PSYCHIATRIC MEDICATION FOR CHILDREN AND ADOLESCENTS
PART II: TYPES OF MEDICATIONS

Articles for Parents
All Family Resources
Alphabetical List
  1. Children and Divorce
  2. Teenagers with Eating Disorders
  3. Teens: Alcohol and Other Drugs
  4. The Depressed Child
  5. Child Abuse - The Hidden Bruises
  6. Children Who Can't Pay Attention
  7. Children Who Won't Go to School
  8. Children and Grief
  9. Child Sexual Abuse
  10. Teen Suicide
  11. The Child with Autism
  12. Children Who Steal
  13. Children and TV Violence
  14. Children and Family Moves
  15. The Adopted Child
  16. Children with Learning Disabilities
  17. Children of Alcoholics
  18. Bedwetting
  19. The Child with a Long-Term Illness
  20. Making Day Care a Good Experience
  21. Psychiatric Medication for Children and Adolescents Part I: How Medications Are Used
  22. Normality
  23. Mental Retardation
  24. Know When to Seek Help for Your Child
  25. Who can be contacted to seek Help for Your Child
  26. Know Your Health Insurance Benefits
  27. Stepfamily Problems
  28. Responding to Child Sexual Abuse
  29. Psychiatric Medication for Children and Adolescents Part II: Types of Medications
  30. Children and AIDS
  31. When Children Have Children
  32. 11 Questions to Ask Before Psychiatric Hospital Treatment of Children and Adolescents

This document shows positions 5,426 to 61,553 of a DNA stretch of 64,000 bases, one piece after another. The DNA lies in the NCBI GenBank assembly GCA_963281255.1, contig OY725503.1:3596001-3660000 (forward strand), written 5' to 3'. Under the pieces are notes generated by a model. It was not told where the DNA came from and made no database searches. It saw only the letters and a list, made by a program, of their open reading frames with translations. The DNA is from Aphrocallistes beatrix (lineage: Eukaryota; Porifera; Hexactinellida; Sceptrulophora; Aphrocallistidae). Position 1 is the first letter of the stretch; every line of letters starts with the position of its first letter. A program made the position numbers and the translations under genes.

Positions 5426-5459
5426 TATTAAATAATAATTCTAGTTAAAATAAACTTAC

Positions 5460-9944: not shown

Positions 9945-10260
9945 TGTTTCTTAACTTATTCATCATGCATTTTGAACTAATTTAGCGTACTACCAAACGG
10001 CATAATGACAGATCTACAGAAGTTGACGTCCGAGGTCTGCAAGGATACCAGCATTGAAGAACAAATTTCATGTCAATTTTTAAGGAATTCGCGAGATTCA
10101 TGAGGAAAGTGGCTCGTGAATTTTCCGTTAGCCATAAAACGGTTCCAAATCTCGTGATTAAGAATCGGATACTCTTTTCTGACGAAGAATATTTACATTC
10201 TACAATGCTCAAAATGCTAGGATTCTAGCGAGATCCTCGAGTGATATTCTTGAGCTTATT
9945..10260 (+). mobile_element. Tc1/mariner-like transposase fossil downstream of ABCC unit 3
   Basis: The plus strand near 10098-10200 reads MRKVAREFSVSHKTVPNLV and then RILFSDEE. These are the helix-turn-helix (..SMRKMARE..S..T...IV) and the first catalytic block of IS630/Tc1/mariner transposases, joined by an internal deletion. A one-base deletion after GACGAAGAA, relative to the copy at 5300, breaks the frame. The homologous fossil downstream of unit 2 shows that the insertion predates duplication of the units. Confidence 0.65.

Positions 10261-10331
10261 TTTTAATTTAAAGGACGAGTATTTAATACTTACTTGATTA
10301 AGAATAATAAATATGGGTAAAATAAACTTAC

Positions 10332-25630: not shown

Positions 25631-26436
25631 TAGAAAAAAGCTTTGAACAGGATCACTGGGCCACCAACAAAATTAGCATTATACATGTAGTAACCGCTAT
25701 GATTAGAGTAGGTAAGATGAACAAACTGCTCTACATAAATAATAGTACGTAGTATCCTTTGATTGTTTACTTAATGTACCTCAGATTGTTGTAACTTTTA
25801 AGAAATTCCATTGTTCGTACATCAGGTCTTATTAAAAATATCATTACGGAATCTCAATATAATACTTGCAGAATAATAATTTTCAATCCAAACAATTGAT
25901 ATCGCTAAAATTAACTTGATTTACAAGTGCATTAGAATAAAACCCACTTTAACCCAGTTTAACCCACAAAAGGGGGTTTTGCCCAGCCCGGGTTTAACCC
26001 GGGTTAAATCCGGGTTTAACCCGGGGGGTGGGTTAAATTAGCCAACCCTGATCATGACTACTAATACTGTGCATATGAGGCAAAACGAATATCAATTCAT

33. Conduct Disorders
  34. Children's Sleep Problems
  35. Tic Disorders
  36. Helping Children After a Disaster
  37. Children and Firearms
  38. Bipolar Disorder (Manic-Depressive Illness) in Teens
  39. Children of Parents with Mental Illness
  40. The Influence of Music and Music Videos
  41. Substance Abuse Treatment for Children and Adolescents: Questions to Ask
  42. The Continuum of Care
  43. Discipline
  44. Children and Lying
  45. Lead Exposure
  46. Home Alone Children
  47. The Anxious Child
  48. Problems with Soiling and Bowel Control
  49. Schizophrenia in Children
  50. Panic Disorder in Children and Adolescents
  51. Psychiatric Medications for Children and Adolescents Part III: Questions to Ask
  52. Comprehensive Psychiatric Evaluation
  53. What is Psychotherapy For Children and Adolescents?
  54. Children and Watching TV
  55. Understanding Violent Behavior in Children & Adolescents
  56. Parenting: Preparing for Adolescence
  57. Normal Adolescent Development - Middle School and Early High School Years